Return codes for .NET Framework 3.0 setup

A while back, I posted a list of possible return codes for the .NET Framework 2.0.  I recently found out that the setup wrapper for the .NET Framework 3.0 can return a couple of other error codes in certain scenarios, so I wanted to list those here as well for completeness:

0x0013EC (5100) - Generic setup block

This error code will be returned in several different scenarios:

  • The user running setup does not have administrative privileges

  • A previous beta version is installed (the algorithm is similar to the one for the .NET Framework 2.0 described here, but the product codes are stored in the file named setup.sdb instead of install.ini)

  • A later version of the .NET Framework 3.0 is already installed

  • The OS that setup is being run on is not supported

  • The OS that setup is being run on does not have the minimum service pack installed

0x002332 (9010) - A pending reboot must be completed before setup can run

This error code is returned if some previous action on the system caused pending file rename operations to be scheduled by adding entries to the following registry value:

  • Registry root: HKEY_LOCAL_MACHINE

  • Registry key name: Software\Microsoft\Updates\UpdateExeVolatile

  • Registry value name: Flags -or- Flags_<reboot time>

This error can typically be resolved by rebooting the system.  If the error continues to occur even after a reboot, you can manually delete this Flags value from the registry on your system to work around it.

The reason that .NET Framework 3.0 setup contains a check for this registry value is that a couple of the prerequisite packages that it installs are Windows OS hotfixes.  These hotfixes include specific checks for this registry value and they will fail if it exists and is non-blank.  The .NET Framework setup team decided it would be best to catch this type of error at the beginning of the setup process instead of letting setup start running and then fail later on for a cause that could easily be validated up-front.

<update date="11/29/2006"> Updated the registry value that .NET Framework 3.0 setup checks to determine whether a pending reboot must be completed.  The original value I posted (HKLM\System\CurrentControlSet\Control\SessionManager@PendingFileRenameOperations) is used by many Windows applications, but .NET Framework 3.0 setup does not check for that value because it will not result in any of its prerequisite packages failing. </update>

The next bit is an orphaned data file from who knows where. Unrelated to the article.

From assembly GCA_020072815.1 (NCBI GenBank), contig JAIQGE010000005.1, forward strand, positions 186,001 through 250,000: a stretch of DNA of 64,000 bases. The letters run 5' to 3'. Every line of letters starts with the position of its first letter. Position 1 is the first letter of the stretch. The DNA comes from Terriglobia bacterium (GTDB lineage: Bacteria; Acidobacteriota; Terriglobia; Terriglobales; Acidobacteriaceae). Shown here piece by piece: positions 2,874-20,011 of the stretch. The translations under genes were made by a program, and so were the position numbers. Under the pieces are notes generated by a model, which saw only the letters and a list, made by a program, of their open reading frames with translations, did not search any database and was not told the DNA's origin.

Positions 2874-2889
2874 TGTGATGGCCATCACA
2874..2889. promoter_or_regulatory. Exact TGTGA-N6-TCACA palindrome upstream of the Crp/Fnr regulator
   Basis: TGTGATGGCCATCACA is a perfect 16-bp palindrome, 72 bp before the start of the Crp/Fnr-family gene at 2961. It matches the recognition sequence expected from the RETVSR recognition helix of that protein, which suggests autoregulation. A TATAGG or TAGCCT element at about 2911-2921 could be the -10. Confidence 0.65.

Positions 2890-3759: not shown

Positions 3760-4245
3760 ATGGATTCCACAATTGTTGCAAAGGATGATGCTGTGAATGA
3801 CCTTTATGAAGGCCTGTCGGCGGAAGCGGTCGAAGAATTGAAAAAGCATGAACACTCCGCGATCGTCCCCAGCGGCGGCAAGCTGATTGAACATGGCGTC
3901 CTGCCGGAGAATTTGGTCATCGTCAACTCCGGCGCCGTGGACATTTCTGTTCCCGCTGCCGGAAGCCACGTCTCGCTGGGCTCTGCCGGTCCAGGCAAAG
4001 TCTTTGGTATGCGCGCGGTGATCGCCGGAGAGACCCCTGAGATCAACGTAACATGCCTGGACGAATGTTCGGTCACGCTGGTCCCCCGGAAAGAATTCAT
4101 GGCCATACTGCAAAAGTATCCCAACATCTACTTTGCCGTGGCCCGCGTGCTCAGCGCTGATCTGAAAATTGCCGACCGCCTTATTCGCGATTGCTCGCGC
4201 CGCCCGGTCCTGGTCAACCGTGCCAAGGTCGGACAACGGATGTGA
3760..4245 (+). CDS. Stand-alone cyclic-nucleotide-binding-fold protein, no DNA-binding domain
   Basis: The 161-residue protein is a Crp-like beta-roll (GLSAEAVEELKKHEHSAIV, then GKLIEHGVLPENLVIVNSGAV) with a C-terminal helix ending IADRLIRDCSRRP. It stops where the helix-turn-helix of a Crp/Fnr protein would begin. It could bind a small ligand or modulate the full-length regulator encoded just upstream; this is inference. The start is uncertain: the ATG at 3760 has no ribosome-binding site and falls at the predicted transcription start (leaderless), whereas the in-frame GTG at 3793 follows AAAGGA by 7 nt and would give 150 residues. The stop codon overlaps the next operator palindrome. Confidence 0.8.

Comments (2)
  1. gripper says:


    The check for PendingFileRenames, although I understand the rational, can be dangerous. Let me share a practical true story.

    An older version of my installer (couple years ago, before we went to MSI) checked for this regkey too. It was my attempt to fix a cornercase bug that was marked as must fix whereby an uninstall operation was completed (with locked files encountered), yet the user did not restart and then chose to reinstall the application again.

    Of course after the user reboots – bingo, files from the previous uninstall would be deleted and that left a mess. (it was a non-MSI install, so no auto repair trigger)

    So I added this check. Worked nicely… until our QA nixed the fix because some of their systems always got my reboot error – it wasn’t "tester friendly". Turns out at the time, a clean XP system that got pushed a Windows Update (MSI 3.0 I believe) which added to PendingFileRenamesOperations. Our QA guys almost convinced marketing that this is a normal scenario and marketing didn’t want the begining reboot. I successfully fought this off.

    However, a wily QA tester found the dealbreaker that forced me to remove this check. Some printer driver apparently always gets added here (perpetually! Bad Printer Driver…). And these users would never be able to install our software, unless they impliment your workaround! So my fix was removed. 🙁

    I was thinking that a smarter way would be to check PendingFileRenamesOperations against a manifest of known files that are installed… which sounds ideal for small apps that don’t have too many files – but I can’t see this being practical for large apps with many many files to check.

    I think Windows Installer’s auto-repair can help for the orginal problem (it did for me!) but it would sure be nice if Windows Installer ultimately did some smart checking of PendingFileRenameOperations too as part of the Costing process and the whole "FilesInUse" behavior. I donno, maybe it does? I haven’t seen the original problem in a long time…

    Anyways, just my 2 cents.

  2. Hi Gripper – Thank you for sharing your experiences here.  Visual Studio setup used to have a pending reboot check in 2002/2003 and it caused the same type of problems that you describe.

    The packages that are a part of the .NET Framework 3.0 that block if this pending file rename table isn’t empty are update.exe OS hotfixes and not MSIs.  I just took a more detailed look at the setup code that handles this, and I found that in the .NET 3.0 setup case, it is not checking the PendingFileRenameOperations registry value, but instead is checking a value that is specific to update.exe-based setup packages.  I will update this blog post with that information.

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